The three Reform Acts of the nineteenth century brought about some order by amending franchises in a uniform manner (see Reform Act 1832, Reform Act 1867 and Representation of the People Act 1884).

Reform Act 1867

Second Reform Act1867 Reform ActReform Act of 1867
The three Reform Acts of the nineteenth century brought about some order by amending franchises in a uniform manner (see Reform Act 1832, Reform Act 1867 and Representation of the People Act 1884).

United Kingdom constituencies

constituencycounty constituencyparliamentary constituency
The major distinction was between county constituencies and borough constituencies.

Unreformed House of Commons

558 seats513 seatsHouse of Commons
Some of the older boroughs were still affected by the different franchises that had applied to them before 1832 (see the Unreformed House of Commons for details of the position before the Reform Act 1832).

Conservative Campaign Headquarters

Conservative Central OfficeConservative Campaign HQCCHQ
The contents of the section on the Parliamentary franchise below, are taken from The Constitutional Year Book 1900, a publication issued by Conservative Central Office in 1900 and thus out of copyright.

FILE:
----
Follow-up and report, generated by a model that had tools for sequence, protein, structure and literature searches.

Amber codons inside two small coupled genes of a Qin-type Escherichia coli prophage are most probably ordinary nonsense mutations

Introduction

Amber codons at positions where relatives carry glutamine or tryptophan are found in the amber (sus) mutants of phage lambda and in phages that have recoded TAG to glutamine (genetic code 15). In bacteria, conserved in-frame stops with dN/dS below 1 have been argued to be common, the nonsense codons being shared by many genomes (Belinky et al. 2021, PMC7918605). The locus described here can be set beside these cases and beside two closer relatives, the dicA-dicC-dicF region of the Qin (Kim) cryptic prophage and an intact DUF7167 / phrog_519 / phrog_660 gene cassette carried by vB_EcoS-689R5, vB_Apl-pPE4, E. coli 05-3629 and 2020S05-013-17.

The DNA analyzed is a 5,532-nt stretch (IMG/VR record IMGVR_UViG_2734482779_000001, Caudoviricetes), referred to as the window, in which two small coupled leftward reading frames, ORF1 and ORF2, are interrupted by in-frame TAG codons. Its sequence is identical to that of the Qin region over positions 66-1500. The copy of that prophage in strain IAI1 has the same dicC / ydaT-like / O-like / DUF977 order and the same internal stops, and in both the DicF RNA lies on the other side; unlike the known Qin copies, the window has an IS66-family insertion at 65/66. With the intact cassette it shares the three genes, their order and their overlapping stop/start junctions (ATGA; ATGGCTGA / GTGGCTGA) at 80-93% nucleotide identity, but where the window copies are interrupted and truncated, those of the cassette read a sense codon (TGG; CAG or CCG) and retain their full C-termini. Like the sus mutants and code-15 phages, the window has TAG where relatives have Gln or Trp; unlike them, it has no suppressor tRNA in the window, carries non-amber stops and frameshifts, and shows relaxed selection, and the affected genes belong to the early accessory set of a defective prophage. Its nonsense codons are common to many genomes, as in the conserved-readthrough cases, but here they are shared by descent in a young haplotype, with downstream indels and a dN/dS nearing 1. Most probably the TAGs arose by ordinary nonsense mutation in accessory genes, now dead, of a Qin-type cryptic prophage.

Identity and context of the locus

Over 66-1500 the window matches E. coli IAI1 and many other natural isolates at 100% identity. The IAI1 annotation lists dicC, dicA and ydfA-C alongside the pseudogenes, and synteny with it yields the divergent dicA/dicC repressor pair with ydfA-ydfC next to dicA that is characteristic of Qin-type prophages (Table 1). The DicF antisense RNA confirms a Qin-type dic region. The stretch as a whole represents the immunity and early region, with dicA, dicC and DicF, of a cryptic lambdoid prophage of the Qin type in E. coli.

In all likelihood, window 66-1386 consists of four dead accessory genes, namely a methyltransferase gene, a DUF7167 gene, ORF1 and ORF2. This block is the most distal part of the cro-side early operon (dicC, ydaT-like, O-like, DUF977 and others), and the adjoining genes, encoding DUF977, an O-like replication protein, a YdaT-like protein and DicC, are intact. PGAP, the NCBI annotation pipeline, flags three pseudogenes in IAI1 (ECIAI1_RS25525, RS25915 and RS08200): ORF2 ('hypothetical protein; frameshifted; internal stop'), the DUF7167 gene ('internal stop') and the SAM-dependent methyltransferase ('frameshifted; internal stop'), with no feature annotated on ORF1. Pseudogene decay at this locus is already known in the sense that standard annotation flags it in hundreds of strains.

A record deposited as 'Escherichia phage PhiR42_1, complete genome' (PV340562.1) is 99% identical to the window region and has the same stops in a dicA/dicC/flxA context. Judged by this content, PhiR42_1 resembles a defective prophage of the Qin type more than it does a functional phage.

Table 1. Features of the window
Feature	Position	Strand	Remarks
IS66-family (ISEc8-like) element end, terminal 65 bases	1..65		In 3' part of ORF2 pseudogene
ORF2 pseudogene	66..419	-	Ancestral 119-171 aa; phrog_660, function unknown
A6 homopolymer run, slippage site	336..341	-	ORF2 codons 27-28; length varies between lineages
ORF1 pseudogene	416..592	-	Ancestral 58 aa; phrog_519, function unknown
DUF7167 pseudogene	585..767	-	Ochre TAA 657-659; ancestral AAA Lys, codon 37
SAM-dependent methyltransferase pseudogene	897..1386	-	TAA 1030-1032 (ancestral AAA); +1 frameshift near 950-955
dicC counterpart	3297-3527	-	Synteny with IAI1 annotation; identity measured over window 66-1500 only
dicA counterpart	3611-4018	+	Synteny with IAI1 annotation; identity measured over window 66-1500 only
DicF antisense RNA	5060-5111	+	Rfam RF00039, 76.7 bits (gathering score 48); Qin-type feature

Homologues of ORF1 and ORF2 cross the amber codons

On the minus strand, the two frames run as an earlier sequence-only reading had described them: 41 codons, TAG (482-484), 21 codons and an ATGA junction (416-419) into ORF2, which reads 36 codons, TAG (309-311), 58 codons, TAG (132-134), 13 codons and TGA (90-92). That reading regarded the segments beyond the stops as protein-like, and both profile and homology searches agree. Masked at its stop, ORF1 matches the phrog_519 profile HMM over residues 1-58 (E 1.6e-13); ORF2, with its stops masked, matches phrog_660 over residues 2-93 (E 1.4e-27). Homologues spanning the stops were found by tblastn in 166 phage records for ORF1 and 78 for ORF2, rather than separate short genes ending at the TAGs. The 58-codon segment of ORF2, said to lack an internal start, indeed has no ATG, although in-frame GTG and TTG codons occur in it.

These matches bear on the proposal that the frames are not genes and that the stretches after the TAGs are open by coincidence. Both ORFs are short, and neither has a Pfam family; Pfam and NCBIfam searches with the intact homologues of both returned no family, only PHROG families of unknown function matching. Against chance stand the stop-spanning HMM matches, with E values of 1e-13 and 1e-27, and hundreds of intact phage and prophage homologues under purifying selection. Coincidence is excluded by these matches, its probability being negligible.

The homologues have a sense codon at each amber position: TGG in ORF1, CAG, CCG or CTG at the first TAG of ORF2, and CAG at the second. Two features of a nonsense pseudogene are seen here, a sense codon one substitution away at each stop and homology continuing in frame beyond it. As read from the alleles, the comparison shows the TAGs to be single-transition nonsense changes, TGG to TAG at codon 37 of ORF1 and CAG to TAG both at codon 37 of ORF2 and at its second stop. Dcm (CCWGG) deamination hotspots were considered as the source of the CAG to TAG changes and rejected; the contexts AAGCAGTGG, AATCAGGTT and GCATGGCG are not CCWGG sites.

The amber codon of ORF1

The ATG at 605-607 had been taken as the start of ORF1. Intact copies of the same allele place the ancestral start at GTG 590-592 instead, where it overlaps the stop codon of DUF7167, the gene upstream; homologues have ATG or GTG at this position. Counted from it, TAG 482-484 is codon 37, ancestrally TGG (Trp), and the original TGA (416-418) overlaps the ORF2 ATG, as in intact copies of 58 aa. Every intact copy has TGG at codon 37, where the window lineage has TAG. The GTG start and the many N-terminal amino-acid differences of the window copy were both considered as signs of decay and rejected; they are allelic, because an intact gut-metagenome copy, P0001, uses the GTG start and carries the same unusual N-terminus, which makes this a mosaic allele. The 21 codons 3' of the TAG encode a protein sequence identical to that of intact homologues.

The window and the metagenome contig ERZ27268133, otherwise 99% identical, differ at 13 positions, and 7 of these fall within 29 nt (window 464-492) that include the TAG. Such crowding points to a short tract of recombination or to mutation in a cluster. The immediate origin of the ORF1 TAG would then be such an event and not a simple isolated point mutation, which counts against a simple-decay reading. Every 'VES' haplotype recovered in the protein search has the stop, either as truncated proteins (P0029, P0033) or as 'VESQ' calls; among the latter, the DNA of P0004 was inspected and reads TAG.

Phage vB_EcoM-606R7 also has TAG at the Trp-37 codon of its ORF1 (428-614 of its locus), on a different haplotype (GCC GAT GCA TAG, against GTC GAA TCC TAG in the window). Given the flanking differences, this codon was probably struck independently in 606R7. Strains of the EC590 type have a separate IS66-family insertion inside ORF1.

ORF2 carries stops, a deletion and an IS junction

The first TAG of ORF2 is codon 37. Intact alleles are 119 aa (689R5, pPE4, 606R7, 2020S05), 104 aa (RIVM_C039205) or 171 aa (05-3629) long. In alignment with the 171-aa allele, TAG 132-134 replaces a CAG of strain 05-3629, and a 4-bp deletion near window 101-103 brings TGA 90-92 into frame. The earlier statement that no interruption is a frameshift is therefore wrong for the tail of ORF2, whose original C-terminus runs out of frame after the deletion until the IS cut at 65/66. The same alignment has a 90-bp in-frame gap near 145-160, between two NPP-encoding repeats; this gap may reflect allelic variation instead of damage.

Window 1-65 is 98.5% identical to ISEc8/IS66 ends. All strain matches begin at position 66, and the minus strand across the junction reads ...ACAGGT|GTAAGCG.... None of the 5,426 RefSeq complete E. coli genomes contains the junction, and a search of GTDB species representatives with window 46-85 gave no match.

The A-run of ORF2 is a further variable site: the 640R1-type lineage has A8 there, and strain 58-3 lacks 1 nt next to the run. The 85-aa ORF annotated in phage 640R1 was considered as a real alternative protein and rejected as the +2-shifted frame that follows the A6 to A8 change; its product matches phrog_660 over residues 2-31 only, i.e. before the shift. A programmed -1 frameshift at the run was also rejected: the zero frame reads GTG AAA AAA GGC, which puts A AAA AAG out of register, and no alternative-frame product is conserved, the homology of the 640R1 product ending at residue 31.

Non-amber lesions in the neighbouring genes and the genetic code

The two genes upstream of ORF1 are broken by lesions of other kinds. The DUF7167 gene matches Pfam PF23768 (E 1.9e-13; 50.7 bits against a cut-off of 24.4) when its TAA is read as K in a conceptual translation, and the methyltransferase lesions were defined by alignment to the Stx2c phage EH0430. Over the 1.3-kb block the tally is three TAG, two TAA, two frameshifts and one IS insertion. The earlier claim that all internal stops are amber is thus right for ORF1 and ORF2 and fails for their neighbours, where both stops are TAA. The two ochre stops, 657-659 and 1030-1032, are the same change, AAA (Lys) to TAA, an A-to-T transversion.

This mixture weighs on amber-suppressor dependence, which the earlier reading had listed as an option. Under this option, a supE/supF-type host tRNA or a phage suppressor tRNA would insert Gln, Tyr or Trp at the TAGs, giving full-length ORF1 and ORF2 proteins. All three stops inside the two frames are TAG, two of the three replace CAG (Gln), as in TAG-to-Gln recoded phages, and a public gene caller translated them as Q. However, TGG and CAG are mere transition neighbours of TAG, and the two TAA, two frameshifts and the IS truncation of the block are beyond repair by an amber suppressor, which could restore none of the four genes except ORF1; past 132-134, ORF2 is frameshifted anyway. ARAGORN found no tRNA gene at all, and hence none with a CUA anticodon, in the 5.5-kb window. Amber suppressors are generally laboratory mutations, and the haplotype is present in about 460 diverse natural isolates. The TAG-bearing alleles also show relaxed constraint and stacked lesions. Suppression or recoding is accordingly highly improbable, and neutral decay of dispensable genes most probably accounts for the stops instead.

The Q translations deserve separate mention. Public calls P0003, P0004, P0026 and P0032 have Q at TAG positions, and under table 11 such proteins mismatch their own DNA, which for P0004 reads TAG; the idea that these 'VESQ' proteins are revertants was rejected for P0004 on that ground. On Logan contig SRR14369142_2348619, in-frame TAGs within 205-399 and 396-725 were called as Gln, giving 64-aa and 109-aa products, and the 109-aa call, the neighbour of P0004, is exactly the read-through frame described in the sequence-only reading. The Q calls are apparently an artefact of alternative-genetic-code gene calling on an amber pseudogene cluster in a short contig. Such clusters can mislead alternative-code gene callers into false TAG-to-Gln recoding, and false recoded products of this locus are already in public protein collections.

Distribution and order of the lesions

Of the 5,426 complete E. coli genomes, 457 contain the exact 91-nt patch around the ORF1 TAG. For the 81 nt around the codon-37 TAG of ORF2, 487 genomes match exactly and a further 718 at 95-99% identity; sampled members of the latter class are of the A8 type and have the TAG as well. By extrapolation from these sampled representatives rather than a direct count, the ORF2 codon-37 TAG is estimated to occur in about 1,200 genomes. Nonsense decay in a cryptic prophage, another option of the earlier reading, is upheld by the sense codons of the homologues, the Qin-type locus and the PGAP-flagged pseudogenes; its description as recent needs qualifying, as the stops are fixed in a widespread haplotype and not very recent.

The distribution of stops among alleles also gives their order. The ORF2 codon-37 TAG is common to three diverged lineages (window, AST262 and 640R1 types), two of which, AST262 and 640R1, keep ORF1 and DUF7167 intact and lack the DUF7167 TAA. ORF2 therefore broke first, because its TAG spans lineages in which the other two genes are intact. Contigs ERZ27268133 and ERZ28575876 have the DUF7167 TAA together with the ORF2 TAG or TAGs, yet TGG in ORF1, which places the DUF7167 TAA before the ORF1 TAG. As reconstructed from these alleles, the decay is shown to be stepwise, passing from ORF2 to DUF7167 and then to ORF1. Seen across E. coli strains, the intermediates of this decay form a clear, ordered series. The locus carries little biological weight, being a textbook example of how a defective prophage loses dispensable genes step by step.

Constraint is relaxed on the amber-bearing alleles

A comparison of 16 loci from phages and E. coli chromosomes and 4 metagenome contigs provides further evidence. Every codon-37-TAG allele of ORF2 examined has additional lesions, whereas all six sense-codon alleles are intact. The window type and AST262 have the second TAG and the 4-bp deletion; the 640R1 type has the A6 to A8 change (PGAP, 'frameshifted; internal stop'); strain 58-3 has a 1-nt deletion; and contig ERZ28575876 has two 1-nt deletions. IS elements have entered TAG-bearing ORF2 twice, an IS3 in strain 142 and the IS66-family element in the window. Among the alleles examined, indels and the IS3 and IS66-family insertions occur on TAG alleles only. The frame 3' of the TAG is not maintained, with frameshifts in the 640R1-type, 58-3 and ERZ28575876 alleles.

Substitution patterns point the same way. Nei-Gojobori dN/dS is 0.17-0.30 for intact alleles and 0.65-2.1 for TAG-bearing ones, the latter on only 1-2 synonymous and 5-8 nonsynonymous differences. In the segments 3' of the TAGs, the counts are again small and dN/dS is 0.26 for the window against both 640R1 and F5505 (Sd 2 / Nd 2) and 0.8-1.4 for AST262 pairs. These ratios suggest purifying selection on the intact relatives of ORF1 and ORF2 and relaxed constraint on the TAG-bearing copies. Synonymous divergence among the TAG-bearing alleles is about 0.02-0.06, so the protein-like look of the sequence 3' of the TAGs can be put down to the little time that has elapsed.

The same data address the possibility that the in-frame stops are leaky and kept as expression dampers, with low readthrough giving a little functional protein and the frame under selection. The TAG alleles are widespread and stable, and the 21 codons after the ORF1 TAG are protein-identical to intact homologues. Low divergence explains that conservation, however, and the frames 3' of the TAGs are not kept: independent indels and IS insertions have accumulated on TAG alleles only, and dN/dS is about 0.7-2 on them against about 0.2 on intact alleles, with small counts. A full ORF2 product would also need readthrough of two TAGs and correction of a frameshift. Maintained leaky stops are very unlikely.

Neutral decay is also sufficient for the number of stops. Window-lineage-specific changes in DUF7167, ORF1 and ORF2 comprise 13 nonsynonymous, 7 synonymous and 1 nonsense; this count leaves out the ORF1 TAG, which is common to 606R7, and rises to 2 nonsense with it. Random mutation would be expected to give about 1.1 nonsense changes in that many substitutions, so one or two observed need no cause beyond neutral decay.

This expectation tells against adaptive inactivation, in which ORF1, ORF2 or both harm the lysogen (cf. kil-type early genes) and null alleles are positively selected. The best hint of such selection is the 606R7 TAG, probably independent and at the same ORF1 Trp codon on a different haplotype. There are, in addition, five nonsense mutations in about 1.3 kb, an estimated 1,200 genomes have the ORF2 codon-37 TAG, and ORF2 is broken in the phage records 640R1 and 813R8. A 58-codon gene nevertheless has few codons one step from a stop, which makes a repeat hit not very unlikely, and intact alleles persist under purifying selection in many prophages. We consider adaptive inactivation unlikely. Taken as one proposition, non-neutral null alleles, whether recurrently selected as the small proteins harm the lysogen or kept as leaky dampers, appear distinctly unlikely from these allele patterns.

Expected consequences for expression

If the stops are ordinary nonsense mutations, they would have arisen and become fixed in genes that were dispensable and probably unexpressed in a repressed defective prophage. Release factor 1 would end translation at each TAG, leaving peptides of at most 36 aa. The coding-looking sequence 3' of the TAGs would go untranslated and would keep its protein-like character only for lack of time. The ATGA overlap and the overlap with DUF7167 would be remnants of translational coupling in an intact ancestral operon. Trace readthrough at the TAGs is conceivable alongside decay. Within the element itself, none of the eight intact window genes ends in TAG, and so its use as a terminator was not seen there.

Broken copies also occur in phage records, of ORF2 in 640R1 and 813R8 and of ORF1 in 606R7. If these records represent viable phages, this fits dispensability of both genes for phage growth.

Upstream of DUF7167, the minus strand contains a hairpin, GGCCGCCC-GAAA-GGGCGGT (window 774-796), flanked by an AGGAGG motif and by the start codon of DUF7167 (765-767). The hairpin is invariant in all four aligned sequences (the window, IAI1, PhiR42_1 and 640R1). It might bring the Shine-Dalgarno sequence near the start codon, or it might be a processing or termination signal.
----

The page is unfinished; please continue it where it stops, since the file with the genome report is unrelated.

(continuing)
Conservative Party (UK)

ConservativeConservative PartyConservatives
They were intended to guide Conservative agents and other activists, so can be assumed to be an accurate summary of the law for the period 1885-1918, between the implementation of the Representation of the People Act 1884 and the coming into force of the Representation of the People Act 1918.

Parliament of the United Kingdom

ParliamentUK ParliamentBritish Parliament
The exact period when this pattern of franchises applied was between the dissolution of the 22nd Parliament of the United Kingdom (18 November 1885) and that of the 30th Parliament (25 November 1918).

History of local government in the United Kingdom

local government